We insist on three things when preparing and serving these dishes with the delicious ingredients that are Odawara's pride. Look for this banner!
First, one or more seafood or farm ingredients produced in the Odawara area must be used.
Second, the food must be served in vessels made with traditional folk crafts or in Odawara lacquerware.
Third, hospitality meant to render customers satisfied and make them like Odawara even more must be extended.
Odawara oden is the product of a fresh way of looking at the dish and incorporating abundant seafood caught in Sagami Bay for use in the fish cakes. Ingredients produced in Odawara are used for the dish, which is eaten with dollops of ume miso, as recommended by the Odawara Oden Society. There is a contest to determine new types of oden ingredients at the Oden Summit held in spring.
Kamabokowas developed as a preserved food in the late Edo era when the fishing industry was thriving and ground water was plentiful. People who came and went along the Tokaido Road spread the word about it throughout the country. Today, queenfish and other types of fish are used for the basic ingredients to make kamaboko that is colorful, lustrous, and has a springy texture.
Production of dried fish is said to have begun in the Edo era with sales of horse mackerel and barracuda that were split open and sun dried to preserve them. The key to an exquisite taste treat is light salting that brings out the true flavor of the fish.
Hojo Soun developed Odawara-style pickled plums, making them for use as battle rations. They gained popularity as souvenirs to take home after lodging in Odawara in the Edo era, and their richly historical flavor is unrivaled.
Its expanses of salt pans in the Edo era made Odawara well suited to pickle production. Well-pickled fresh vegetables, pickled perilla leaf, and pickled cherry blossoms are among familiar home town delicacies.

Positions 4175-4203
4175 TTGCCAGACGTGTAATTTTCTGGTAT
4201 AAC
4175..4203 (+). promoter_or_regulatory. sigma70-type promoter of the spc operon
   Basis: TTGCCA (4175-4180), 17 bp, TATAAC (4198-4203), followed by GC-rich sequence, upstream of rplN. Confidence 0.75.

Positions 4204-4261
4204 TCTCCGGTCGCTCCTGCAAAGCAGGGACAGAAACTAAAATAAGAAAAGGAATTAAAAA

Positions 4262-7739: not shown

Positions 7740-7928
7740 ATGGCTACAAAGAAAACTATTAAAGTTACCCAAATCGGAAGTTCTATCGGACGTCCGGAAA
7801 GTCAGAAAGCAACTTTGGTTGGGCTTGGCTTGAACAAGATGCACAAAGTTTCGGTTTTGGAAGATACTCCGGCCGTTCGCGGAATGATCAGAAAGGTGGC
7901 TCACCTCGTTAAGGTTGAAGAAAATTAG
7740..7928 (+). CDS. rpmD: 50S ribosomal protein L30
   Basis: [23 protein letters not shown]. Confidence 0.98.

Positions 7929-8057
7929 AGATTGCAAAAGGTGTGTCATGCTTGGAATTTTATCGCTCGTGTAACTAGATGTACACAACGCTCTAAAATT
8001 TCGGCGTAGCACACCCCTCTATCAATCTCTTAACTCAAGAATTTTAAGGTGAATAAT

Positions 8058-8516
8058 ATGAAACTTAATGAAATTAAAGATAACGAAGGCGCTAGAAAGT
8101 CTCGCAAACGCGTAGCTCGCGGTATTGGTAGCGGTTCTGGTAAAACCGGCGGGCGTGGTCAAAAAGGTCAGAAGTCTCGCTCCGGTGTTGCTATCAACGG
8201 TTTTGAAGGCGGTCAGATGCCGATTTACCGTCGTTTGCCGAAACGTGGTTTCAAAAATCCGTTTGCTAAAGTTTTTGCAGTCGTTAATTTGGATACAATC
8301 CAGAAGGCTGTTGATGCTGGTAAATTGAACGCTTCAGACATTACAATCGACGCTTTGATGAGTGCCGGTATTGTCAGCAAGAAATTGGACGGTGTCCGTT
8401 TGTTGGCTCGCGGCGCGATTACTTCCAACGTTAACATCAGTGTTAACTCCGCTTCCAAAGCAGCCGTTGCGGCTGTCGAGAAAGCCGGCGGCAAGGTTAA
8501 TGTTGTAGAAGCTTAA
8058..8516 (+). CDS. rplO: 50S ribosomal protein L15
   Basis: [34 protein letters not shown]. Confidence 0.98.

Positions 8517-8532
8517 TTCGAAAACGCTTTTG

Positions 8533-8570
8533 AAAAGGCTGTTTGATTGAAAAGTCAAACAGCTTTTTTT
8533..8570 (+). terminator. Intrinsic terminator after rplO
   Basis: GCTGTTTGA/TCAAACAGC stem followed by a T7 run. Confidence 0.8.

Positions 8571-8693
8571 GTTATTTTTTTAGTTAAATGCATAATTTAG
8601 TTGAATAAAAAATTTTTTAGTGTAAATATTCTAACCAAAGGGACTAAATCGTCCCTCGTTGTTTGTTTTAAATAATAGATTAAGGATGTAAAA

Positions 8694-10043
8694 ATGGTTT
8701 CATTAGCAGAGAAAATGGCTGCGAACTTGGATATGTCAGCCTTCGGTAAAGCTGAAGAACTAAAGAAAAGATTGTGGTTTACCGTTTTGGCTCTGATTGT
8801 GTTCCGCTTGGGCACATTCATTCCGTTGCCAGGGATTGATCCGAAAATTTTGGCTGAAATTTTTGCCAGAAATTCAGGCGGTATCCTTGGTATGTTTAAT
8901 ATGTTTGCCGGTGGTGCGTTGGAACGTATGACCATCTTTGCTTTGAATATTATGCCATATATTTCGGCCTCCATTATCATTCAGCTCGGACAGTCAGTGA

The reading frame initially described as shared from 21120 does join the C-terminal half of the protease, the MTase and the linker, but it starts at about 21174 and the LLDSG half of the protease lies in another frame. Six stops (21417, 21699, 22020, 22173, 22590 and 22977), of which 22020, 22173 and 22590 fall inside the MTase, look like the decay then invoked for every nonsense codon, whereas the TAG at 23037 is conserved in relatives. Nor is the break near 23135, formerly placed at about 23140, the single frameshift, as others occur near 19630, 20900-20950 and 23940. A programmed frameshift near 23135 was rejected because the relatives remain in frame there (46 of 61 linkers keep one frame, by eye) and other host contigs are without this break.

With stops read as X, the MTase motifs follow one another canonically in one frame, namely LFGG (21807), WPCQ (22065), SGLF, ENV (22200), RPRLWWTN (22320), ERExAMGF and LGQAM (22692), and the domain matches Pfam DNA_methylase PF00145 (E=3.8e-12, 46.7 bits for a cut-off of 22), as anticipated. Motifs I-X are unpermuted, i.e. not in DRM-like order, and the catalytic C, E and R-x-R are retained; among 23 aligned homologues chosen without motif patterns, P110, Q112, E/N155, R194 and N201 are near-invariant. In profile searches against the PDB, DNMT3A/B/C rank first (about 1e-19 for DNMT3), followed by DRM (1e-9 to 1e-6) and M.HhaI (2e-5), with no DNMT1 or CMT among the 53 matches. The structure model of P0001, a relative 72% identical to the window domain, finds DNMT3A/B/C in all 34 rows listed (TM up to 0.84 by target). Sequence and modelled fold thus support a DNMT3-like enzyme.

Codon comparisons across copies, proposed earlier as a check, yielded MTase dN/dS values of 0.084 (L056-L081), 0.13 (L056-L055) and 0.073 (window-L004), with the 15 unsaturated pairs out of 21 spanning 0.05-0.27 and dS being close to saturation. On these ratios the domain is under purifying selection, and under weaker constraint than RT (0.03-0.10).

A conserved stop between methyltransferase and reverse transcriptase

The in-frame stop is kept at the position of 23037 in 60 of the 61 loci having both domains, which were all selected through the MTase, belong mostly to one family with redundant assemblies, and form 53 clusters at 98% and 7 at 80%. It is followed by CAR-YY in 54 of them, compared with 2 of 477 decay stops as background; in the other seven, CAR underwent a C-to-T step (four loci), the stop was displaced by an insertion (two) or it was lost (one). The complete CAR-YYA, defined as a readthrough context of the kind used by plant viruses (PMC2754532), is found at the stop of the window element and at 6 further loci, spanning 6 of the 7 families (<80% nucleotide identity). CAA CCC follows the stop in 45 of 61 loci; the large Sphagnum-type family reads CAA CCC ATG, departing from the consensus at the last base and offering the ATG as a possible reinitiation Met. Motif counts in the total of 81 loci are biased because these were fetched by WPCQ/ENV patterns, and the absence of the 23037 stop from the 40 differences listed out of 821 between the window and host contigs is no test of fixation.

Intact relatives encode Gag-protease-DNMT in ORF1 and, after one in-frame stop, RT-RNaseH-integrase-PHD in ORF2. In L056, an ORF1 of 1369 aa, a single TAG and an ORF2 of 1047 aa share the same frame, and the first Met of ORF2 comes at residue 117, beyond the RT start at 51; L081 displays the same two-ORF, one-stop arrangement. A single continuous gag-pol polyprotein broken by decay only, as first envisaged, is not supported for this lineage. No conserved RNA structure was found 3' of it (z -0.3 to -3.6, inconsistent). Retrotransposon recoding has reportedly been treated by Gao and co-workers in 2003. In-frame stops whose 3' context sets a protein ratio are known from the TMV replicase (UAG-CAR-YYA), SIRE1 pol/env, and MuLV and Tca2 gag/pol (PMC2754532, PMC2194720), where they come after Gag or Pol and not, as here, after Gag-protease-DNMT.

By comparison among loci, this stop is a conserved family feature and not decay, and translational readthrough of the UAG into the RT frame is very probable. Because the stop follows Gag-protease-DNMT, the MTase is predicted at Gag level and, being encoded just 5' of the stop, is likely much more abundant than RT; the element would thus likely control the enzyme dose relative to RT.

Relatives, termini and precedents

Planned and developed by Odawara Specialty Product Development Council, the plum, lemon, mandarin orange, and Shonan Gold varieties of Odawara wine are typical Odawara specialties that incorporate local products.
The lords of Odawara Castle at the end of the Tokugawa period, the Okubo clan, enjoyed tea ceremony, so talented confectioners gathered in Odawara. The tea ceremony was held throughout the seasons, and confections that could be called works of art were produced.
Cast metal Odawara Tenmyo tea kettles were produced under the patronage of the Hojo clan during the Warring States period, and became popular. Ship's bells, temple bells, cymbals, and other items were later manufactured and even exported.
The history of woodworking in Odawara started with the Kyoto woodturning masters who came to live here in the Heian period. Traditional artisanal techniques, such as lacquer ware produced with zelkova or other natural wood; marquetry, with its appealing geometric patterns; and the traditional handicraft of wood inlaying, which makes use of wood's texture, still exist today.